Op-Ed: The moment the police approached George Floyd, the wheels of injustice started

U.S. 2020/6/5

Op-Ed: The moment the police approached George Floyd, the wheels of injustice started

( Jason Armond / Los Angeles Times)" src="https://s.yimg.com/ny/api/res/1.2/lyN2nmr_2l4GO518xrtlPw--/YXBwaWQ9aGlnaGxhbmRlcjt3PTcwNTtoPTM5Ni45ODIxNDI4NTcxNDI4Mw--/https://media.zenfs.com/en/los_angeles_times_opinion_902/7acda41c3445ea7ba499a07ec3c950b1">

Shown are a makeshift memorial and mural near where George Floyd died while in Minneapolis police custody. One officer has been charged with second-degree murder and three other officers have been charged with aiding and abetting the murder. ( Jason Armond / Los Angeles Times)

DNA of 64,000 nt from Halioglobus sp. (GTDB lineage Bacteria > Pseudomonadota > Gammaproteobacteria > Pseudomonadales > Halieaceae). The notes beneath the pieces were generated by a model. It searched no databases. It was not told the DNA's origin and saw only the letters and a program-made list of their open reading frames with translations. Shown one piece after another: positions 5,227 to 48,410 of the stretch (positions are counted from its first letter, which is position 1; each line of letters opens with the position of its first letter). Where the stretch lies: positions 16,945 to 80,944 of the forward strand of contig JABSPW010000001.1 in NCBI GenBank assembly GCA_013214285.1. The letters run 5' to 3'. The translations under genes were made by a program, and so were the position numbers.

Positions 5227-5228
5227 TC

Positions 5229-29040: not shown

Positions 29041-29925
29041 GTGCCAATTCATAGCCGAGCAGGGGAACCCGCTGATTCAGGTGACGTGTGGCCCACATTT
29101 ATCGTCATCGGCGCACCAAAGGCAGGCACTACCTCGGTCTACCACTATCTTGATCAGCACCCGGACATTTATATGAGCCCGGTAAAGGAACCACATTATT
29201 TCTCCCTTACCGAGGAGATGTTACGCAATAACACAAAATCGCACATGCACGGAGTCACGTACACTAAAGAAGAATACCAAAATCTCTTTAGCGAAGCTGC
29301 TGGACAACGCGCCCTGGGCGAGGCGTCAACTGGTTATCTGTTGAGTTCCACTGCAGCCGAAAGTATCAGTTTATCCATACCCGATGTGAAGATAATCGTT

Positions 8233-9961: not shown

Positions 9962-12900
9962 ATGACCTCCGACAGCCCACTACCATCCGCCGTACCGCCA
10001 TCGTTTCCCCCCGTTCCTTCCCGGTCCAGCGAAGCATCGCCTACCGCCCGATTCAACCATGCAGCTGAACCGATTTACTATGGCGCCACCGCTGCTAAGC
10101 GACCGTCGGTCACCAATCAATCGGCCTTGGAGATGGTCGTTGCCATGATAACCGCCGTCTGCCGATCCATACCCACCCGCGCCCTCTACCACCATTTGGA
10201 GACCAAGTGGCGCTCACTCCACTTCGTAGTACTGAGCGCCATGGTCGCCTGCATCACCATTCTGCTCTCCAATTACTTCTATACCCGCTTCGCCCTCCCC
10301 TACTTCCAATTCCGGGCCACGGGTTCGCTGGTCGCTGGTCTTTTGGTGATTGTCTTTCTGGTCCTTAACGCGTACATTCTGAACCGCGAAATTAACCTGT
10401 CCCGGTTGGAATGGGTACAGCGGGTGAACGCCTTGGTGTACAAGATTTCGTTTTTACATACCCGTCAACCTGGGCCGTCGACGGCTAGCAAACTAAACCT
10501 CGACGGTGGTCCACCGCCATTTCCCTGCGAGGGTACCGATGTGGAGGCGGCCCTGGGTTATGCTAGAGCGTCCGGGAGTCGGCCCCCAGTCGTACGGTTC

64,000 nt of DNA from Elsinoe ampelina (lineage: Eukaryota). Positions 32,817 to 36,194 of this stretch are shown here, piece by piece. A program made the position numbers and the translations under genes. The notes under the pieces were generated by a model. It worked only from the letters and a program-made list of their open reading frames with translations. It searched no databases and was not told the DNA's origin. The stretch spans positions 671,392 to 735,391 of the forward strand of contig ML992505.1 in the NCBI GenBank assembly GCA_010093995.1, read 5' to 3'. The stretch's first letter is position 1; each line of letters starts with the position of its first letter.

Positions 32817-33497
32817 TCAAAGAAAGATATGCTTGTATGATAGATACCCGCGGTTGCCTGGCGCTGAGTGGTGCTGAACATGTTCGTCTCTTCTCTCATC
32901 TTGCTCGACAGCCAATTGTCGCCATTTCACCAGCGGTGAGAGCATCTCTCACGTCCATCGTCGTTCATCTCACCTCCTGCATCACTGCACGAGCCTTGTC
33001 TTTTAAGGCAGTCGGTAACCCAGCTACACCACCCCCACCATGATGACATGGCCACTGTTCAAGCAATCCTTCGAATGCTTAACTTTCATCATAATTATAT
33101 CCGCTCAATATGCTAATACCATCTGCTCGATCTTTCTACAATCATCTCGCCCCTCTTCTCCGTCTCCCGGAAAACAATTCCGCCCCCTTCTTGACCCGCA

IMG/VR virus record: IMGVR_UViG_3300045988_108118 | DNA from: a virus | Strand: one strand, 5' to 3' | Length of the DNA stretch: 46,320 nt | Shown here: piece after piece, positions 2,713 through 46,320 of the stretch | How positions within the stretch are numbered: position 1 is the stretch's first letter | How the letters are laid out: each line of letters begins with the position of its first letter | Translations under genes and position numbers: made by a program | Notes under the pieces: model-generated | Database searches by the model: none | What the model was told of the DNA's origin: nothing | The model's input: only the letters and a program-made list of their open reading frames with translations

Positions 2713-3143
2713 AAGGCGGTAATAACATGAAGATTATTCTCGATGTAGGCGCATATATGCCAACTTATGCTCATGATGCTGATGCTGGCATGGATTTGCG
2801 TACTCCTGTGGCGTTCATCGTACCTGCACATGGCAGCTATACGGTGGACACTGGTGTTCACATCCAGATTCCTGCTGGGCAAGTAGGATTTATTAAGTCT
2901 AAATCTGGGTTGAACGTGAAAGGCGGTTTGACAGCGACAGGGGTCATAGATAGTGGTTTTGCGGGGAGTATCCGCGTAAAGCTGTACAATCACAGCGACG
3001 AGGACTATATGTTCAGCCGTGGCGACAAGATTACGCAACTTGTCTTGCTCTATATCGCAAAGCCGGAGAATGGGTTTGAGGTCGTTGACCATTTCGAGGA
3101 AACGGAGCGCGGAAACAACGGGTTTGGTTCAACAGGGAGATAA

If equal justice under the law had applied to George Floyd — justice equal to what the four cops now charged with his murder have received — he would never even have been arrested.

The tale of these arrests — one of a black man and that of four police officers — explains why there is justifiable rage on America’s streets.

On May 25, a store clerk in Minneapolis called the police because he suspected that Floyd had paid for a pack of cigarettes with a counterfeit $20 bill. But the store owner later said: “Most of the times when patrons give us a counterfeit bill, they don’t even know it’s fake.” The call should have started an investigation; that’s

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